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Alec Luhn in Artemivsk
Pro-Russia and government forces fight for control of Debaltseve, with Ukrainian military saying rebels have fired on its troops 112 times in last 24 hours
Fighting has escalated in eastern Ukraine as government and pro-Russia forces struggle for control of the besieged town of Debaltseve, leaving the new ceasefire in tatters on its second day.
The Ukrainian military said on Monday that rebels had fired on its troops 112 times in the past 24 hours. At least five Ukrainian fighters have been killed and 25 wounded since the ceasefire began on Sunday, a military spokesman, Vladislav Seleznyov, told the Guardian.
The leaders of Russia, Germany and Ukraine discussed the Minsk ceasefire during a phone call on Monday night, the Kremlin said.
Russian president Vladimir Putin discussed the crisis with German chancellor Angela Merkel and Ukrainian president Petro Poroshenko by telephone on Monday night, the Kremlin reported, without disclosing if the talks had made any progress.
However, separatist leaders said on Tuesday morning that they had to respond to fire from Ukrainian government troops and that they would not withdraw heavy weaponry unilaterally.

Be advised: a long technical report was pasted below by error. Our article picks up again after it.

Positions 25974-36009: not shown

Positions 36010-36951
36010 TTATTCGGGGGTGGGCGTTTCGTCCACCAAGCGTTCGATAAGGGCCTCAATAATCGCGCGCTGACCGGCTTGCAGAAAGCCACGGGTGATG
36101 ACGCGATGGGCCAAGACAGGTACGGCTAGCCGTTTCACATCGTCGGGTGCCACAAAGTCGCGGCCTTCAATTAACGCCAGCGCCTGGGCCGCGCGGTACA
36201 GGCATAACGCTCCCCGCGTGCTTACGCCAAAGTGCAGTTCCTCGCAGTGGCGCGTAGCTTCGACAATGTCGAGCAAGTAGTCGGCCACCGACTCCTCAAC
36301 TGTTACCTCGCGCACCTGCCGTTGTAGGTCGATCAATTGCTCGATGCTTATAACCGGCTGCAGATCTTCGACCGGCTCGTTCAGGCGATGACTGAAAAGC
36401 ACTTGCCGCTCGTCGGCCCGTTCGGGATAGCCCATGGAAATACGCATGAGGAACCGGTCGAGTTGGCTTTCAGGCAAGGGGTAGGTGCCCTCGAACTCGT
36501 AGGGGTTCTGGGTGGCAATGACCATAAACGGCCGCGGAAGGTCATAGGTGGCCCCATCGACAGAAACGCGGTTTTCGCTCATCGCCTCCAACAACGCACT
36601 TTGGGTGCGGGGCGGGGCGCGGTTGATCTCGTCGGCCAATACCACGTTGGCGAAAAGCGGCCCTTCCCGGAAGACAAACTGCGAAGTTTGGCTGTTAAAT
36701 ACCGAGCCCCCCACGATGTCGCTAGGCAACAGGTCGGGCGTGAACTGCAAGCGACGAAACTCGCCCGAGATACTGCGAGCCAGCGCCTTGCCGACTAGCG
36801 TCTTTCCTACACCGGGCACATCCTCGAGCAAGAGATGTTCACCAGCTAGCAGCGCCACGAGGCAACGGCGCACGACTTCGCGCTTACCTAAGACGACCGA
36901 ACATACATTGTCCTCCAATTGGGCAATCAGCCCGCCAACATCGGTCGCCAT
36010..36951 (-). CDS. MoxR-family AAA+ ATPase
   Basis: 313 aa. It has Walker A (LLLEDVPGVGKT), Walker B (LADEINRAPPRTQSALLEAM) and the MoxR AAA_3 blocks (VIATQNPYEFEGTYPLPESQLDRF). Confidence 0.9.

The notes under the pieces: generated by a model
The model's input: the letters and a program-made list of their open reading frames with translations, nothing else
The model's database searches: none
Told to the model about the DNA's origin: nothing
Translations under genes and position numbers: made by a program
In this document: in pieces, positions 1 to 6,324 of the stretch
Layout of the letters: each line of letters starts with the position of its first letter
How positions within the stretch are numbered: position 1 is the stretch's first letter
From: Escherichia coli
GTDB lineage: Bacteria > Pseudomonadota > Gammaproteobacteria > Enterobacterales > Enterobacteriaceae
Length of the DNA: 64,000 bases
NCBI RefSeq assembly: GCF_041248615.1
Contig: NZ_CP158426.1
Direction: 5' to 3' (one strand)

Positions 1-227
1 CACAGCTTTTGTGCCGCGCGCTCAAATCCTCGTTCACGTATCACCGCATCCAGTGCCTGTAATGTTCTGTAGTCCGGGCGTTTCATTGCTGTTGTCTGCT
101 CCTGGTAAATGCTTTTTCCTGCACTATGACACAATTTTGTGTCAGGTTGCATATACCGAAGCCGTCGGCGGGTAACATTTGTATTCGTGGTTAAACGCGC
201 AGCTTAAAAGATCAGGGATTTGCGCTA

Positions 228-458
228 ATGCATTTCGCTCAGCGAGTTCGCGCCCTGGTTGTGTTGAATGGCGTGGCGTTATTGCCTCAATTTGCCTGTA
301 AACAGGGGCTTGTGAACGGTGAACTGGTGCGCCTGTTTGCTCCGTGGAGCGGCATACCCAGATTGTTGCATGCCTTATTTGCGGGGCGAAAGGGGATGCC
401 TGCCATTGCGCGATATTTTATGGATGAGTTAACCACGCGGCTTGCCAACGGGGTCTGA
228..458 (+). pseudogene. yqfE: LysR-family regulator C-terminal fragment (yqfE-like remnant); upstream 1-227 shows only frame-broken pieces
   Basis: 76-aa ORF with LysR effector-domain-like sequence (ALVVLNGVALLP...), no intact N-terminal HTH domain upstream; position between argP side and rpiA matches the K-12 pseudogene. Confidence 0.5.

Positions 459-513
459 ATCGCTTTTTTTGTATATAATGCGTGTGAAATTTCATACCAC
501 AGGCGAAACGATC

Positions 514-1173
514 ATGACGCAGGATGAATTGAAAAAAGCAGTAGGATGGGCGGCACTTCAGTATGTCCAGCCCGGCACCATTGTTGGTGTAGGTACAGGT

Most of the fighting was concentrated around Debaltseve, where thousands of soldiers have been cut off from the main Ukrainian lines near Artemivsk by rebel artillery. Pro-Russia forces have been trying for weeks to take the town, which holds a rail junction connecting the main rebel centres of Donetsk and Luhansk.
“The number of attacks on Debaltseve has even increased in comparison to previous days and they are using all types of weapons,” another military spokesman, Anatoly Stelmakh, said on Monday. “The terrorists have been given the order to take Debaltseve at all cost.”
Shelling destroyed the police station in the town on Monday, the regional police chief, Vyacheslav Abroskin, wrote on his Facebook page. And Ukrainian troops there have fought off several assaults, according to Seleznyov.
The rebel leader, Alexander Zakharchenko, said this weekend his forces would observe the ceasefire everywhere except in Debaltseve. Kiev has repeatedly denied that Debaltseve is cut off, despite evidence to the contrary.
The United States said on Monday it is “gravely concerned” by the fighting and said it is closely monitoring reports of a new column of Russian military equipment moving toward the region.
“These aggressive actions and statements by the Russia-backed separatists threaten the most recent ceasefire,” the US State Department said in a prepared statement. “We call on Russia and the separatists it backs to halt all attacks immediately.”
The continued fighting has stalled further implementation of the peace plan on both sides. Seleznyov said Kiev could not withdraw heavy weaponry until rebels stopped firing, while a military spokesman of the self-declared Donetsk People’s Republic said it would not pull back its weapons until there was a “full ceasefire”.
Both sides were supposed to pull back tanks, artillery and rocket launchers to create a buffer zone, starting at midnight on Monday, as the second step of the truce negotiated by France, Germany, Russia and Ukraine in Minsk last week.